This week's book giveaway is in the OCAJP 8 forum. We're giving away four copies of OCA Java SE 8 Programmer I Study Guide and have Edward Finegan & Robert Liguori on-line! See this thread for details.
JavaBeans are not programs, but software components that you write to build programs bottom up. From Java Bean FAQ at Sun... ...typical unifying features that distinguish a Bean are:
Introspection: enables a builder tool to analyze how a Bean works
Customization: enables a developer to use an app builder tool to customize the appearance and behavior of a Bean
Events: enables Beans to communicate and connect together
Properties: enable developers to customize and program with Beans
Persistence: enables developers to customize Beans in an app builder, and then retrieve those Beans, with customized features intact, for future
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Moving this discussion to Java in General( intermediate) forum..
Joined: Dec 30, 2002
Thank You...1 Doubt , i just read somewehere that Beans can be manually manipulated by text tools through programatic interfaces. Could u give an example ?
In short, the answer is yes, that's possible, but without any sense of what kind of tool, it's difficult to offer a concrete example. Cindy mentioned the Beanbox, which Sun offered for a long time as a proof-of-concept for manipulating JavaBeans in a graphic environment. And that's basically the idea behind JavaBeans in the first place: to make it possible for front-end application designers to build interfaces and change behavior through keyboard and mouse instead of writing program code. Virtually any IDE incorporate this behavior as a matter of course: Forte for Java, VisualAge, JBuilder, Symantec Cafe, and I am sure a ton of others. But JavaBeans is very much a fundamental need to drive IDEs and CASE tools for Java; the concept is nothing groundbreaking at all. [ January 02, 2003: Message edited by: Michael Ernest ]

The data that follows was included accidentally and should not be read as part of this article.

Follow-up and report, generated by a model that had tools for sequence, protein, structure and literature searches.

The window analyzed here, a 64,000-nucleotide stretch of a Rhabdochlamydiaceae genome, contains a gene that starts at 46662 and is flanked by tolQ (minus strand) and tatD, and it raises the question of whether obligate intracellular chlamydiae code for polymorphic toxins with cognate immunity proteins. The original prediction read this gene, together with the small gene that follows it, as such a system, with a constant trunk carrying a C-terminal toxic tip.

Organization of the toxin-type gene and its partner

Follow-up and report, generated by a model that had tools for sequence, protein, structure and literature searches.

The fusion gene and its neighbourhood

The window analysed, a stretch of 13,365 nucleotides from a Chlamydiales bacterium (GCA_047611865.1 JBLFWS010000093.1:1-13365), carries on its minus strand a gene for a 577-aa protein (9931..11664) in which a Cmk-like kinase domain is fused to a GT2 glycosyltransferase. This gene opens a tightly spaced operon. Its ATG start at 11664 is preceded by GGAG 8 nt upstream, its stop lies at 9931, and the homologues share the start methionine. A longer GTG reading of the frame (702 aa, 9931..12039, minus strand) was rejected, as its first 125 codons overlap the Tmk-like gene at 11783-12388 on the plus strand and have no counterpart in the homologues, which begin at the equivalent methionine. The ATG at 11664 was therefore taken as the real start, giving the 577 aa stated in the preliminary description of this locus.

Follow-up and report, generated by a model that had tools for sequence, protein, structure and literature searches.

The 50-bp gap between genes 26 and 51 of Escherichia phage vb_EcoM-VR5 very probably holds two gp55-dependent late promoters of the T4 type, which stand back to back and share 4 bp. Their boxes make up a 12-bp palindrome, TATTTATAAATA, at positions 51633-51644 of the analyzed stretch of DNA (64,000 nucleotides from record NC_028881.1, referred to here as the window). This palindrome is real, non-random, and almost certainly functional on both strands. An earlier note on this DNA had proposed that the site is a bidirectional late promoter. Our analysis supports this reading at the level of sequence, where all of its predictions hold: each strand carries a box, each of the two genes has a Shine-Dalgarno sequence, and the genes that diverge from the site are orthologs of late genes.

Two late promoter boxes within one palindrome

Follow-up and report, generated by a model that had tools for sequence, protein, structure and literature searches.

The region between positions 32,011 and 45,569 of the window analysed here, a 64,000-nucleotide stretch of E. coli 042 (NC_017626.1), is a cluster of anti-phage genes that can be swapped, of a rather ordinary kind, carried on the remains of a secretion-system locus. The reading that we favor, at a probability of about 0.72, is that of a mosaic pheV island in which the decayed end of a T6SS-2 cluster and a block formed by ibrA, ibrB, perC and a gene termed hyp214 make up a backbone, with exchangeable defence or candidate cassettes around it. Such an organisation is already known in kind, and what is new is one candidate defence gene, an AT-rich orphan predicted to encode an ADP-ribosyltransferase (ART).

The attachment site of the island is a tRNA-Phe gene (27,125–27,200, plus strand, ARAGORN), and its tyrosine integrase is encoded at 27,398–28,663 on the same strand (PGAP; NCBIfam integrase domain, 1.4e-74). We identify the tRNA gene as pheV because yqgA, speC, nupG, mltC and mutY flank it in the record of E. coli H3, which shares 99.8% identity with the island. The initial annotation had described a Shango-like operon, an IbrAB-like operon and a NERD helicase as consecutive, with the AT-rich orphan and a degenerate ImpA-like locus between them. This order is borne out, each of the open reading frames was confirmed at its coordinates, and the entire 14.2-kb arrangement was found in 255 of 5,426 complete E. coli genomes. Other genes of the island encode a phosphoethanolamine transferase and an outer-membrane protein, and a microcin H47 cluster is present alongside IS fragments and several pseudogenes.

A tool that can manipulate JavaBeans is called a BeanBox. Basically it is like a "GUI painter". Because all of the components that can be manipulated by it follow standard conventions, the tool "knows" how to work the components, even though it does not know what the component it actually might run into. How to write a JavaBean.
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